Fish Physiology and Biochemistry

, Volume 39, Issue 5, pp 1101–1114 | Cite as

Structural differentiation of apical openings in active mitochondria-rich cells during early life stages of Nile tilapia (Oreochromis niloticus L.) as a response to osmotic challenge

  • S. Fridman
  • K. J. Rana
  • J. E. Bron


This study examines the structural differentiation of the apical crypts of mitochondria-rich cells (MRCs) in Nile tilapia as a response to osmotic challenge. Larvae were transferred from freshwater at 3 days post-hatch to 12.5 and 20 ppt and were sampled at 24- and 48-h post-transfer. Scanning electron microscopy allowed quantification of MRCs, based on apical crypt appearance and surface area, resulting in a morphological classification of ‘sub-types’, that is, Type I or absorptive (surface area range 5.2–19.6 μm2), Type II or active absorptive form (surface area range 1.1–15.7 μm2), Type III or weakly functioning form (surface area range 0.08–4.6 μm2) and Type IV or active secreting form (surface area range 4.1–11.7 μm2). Mucus cell crypts were discriminated from those of MRCs based on the presence of globular extensions and quantified. Density and frequency of MRCs and mucus cells varied significantly according to the experimental salinity and time post-transfer; in freshwater-adapted larvae, all types were present except Type IV but, following transfer to elevated salinities, Type I and Type II disappeared and appeared to be replaced by Type IV crypts. Type III crypt density remained constant following transfer. Transmission electron microscopy with immunogold labelling, using a novel pre-fixation technique with anti-Na+/K+-ATPase, allowed complementary ultrastructural visualisation of specific localisation of the antibodies on active MRCs, permitting a review of MRC apical morphology and related Na+/K+-ATPase binding sites.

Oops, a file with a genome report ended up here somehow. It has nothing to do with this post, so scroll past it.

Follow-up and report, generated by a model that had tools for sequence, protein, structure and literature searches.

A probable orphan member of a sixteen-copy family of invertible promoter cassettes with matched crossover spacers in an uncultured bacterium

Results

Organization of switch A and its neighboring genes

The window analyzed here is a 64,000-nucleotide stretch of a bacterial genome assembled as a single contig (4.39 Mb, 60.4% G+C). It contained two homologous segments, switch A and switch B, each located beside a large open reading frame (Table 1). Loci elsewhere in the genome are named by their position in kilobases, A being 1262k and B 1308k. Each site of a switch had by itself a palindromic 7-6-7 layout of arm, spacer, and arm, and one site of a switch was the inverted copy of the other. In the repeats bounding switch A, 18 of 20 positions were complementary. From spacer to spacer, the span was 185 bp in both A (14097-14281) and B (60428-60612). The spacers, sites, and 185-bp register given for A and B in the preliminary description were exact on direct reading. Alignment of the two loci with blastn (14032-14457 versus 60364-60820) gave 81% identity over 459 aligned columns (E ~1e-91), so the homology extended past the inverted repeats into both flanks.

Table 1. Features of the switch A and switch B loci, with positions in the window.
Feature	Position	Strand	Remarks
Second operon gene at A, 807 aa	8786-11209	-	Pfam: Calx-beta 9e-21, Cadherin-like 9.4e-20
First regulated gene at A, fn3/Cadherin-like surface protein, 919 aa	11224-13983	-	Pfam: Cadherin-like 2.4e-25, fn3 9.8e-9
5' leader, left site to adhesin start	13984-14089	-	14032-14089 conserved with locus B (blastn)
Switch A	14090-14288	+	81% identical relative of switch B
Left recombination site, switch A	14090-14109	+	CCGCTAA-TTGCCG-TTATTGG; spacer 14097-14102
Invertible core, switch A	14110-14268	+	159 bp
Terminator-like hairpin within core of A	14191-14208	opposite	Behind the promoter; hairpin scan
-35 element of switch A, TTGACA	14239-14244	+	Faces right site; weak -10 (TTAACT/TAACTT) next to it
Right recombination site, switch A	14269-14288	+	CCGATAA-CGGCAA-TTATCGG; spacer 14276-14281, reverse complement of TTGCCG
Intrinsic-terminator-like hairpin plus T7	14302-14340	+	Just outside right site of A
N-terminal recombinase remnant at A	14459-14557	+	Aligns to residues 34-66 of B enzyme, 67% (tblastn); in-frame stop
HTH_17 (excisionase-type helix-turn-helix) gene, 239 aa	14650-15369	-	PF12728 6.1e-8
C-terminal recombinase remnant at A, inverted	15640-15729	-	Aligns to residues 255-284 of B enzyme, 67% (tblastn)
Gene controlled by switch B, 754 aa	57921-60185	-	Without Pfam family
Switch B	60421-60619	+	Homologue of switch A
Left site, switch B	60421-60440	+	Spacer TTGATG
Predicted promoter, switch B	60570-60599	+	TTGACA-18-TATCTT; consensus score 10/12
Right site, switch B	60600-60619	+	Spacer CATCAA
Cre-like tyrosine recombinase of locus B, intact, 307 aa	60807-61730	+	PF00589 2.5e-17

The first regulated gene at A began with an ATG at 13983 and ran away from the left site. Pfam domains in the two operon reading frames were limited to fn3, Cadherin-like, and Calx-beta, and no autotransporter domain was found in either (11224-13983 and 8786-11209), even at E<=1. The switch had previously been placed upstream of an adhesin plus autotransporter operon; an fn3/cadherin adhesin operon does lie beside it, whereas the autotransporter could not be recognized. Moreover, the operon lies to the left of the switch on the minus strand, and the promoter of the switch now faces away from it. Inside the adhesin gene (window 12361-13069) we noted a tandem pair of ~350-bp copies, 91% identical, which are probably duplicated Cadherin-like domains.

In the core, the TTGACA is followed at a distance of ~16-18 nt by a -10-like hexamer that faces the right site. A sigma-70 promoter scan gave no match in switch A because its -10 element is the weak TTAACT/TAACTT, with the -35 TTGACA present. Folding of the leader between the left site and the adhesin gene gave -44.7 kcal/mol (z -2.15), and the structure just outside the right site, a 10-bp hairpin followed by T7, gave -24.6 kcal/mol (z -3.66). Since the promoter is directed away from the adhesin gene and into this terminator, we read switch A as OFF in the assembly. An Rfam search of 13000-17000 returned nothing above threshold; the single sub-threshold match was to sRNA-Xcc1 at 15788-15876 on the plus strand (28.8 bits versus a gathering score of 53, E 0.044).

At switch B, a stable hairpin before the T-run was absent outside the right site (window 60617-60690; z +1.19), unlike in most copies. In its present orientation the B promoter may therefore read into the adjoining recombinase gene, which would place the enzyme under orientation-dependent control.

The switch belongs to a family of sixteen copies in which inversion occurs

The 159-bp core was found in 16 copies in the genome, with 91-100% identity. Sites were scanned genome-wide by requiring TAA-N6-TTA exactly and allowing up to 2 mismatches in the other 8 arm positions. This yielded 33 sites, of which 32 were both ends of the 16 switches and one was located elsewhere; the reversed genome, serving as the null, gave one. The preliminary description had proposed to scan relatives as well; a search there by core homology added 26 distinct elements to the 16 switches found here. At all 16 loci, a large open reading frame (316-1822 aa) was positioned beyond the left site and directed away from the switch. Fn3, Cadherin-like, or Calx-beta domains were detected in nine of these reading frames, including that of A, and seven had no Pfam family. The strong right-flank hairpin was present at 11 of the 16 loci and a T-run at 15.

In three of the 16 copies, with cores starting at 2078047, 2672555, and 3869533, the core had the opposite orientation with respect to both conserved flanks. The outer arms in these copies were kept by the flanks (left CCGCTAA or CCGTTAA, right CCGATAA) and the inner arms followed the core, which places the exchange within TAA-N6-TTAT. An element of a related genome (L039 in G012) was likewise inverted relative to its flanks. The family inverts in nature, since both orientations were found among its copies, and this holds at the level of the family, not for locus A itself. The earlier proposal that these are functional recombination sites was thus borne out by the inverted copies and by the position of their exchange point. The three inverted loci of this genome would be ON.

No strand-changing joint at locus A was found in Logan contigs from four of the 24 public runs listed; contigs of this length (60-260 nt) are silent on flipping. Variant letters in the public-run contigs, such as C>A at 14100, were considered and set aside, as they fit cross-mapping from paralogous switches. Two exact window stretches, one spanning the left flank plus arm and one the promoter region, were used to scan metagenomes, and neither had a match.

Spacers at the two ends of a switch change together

Mitochondria-rich cells Osmoregulation Cellular differentiation Nile tilapia Ontogeny 



The authors would like to thank Mr. Linton Brown for his excellent assistance with the electron microscopy. The monoclonal antibody, developed by D. M. Fambrough, was obtained from the Development Studies Hybridoma bank developed under the auspices of the NICHD and maintained by The University of Iowa, Department of Biology, Iowa City, IA 52242, USA.


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Copyright information

© Springer Science+Business Media Dordrecht 2013

Authors and Affiliations

  1. 1.Institute of AquacultureUniversity of StirlingStirlingScotland, UK
  2. 2.French Associates Institute for Agriculture and Biotechnology of Drylands, Blaustein Institute for Desert ResearchBen Gurion UniversityBeershebaIsrael
  3. 3.Aquaculture DivisionUniversity of StellenboschStellenboschSouth Africa

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